This year, the U.S. is experiencing one of the worst West Nile virus outbreaks since 1999, when the mosquito-borne disease was first discovered, with over 3,142 reported cases and 134 deaths. The national total for infections was three times more than what is typically reported by August, according to the CDC’s Division of Vector-Borne Infectious Diseases. Forty-eight states have reported West Nile cases in humans, animals or mosquitoes; however Texas has been the hardest hit, with forty percent of cases reported in humans. Even Escambia County has been affected, with ten cases and one death reported as of September 19th.
What is West Nile exactly?
West Nile virus is spread by mosquitoes that bite infected birds, and then go on to bite people or other kinds of animals, especially horses. The disease cannot be spread from infected animals to people or from person to person through casual touch; however it can be spread through organ transplants or blood transfusions. For this reason, blood donated in the U.S. is screened for the virus.
How will you know if you’re infected?
About 80% of people infected with the West Nile virus either do not experience any symptoms or have such mild symptoms that they do not even realize they have it. If symptoms do appear, they begin 3 to 14 days after a person has been bitten by the infected mosquito, last for 3 to 6 days, and include:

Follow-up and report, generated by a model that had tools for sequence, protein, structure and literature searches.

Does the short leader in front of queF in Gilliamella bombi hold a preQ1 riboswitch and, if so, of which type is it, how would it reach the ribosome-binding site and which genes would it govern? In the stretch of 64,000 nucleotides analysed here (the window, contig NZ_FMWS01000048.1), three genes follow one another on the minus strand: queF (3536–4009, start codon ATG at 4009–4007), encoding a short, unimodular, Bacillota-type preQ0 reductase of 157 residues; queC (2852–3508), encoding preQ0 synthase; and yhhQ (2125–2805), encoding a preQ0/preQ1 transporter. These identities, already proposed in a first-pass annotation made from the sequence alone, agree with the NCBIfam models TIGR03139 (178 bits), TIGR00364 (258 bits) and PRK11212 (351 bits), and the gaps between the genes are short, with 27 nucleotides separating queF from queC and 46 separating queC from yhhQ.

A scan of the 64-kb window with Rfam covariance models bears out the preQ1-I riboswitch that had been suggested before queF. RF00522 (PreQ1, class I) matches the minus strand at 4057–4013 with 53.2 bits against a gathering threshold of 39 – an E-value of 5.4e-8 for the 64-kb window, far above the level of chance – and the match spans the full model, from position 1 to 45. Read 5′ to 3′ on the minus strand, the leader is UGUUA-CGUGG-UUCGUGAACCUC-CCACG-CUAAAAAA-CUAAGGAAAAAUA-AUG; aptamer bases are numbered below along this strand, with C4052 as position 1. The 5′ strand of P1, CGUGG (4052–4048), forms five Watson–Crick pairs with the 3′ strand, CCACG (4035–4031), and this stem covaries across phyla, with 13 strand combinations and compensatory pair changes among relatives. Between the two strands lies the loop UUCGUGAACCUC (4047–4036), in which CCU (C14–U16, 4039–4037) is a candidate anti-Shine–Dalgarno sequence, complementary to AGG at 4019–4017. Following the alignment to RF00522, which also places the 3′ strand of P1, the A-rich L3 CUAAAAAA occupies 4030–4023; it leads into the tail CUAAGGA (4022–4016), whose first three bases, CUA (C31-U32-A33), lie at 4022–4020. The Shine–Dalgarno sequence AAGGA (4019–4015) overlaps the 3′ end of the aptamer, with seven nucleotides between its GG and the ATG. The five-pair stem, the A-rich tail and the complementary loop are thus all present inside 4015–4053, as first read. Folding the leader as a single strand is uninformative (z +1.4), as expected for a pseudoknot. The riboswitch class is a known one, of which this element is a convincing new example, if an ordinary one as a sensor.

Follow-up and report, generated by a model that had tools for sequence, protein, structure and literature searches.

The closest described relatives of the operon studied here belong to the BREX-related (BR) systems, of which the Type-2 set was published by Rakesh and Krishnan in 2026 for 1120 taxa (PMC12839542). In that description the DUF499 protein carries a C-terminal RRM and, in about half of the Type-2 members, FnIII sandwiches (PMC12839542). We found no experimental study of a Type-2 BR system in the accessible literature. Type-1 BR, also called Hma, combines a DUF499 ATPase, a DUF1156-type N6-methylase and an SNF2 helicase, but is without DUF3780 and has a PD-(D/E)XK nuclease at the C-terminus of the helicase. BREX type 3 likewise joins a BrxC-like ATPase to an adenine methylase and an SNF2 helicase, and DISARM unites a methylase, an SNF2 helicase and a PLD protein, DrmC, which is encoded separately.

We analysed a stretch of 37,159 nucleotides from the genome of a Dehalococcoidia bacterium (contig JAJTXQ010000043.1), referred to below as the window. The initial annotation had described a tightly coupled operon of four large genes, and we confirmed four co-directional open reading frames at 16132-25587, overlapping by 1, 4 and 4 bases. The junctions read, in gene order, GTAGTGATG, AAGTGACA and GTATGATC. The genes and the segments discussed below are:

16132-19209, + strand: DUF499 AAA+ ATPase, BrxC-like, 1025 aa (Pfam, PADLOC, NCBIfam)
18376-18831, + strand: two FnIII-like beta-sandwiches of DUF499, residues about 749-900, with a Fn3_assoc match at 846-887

- Headaches, body aches or eye pain
- A rash, usually on the chest, back and arms
- Reduced hunger
- Vomiting or nausea
- Swollen lymph nodes
People typically make full recoveries, but permanent problems can persist in children and the elderly. In rare cases, West Nile causes encephalitis, myelitis or meningitis. Of those who have serious problems, people older than 70 have the biggest fatality risk from the virus.
Severe cases involving problems with the spinal cord and brain are rare, but can cause:
- High fever
- Paralysis or neck stiffening
- Attention reduction
- Tremors, convulsions or muscle weakness
Preventing West Nile
Unfortunately, there is no treatment for the West Nile virus; however several groups are working towards a vaccination. Those infected can recover at home if they have a mild case, but hospitalization is required for severe cases.
The best form of defense from the West Nile Virus is to reduce exposure to mosquitoes. This can be done by:
- Applying insect repellant to exposed skin and clothing.
- Wearing long-sleeve shirts and pants outdoors when weather permits.
- Using mosquito netting over infant carriers when outdoors to protect infants.
- Staying indoors during peak mosquito biting times (dawn, dusk and early evening).
- Preventing mosquitoes from coming indoors by installing and/or repairing window screens.
- Draining standing water sources in areas where you work or play outdoors in order to reduce the number of mosquitoes.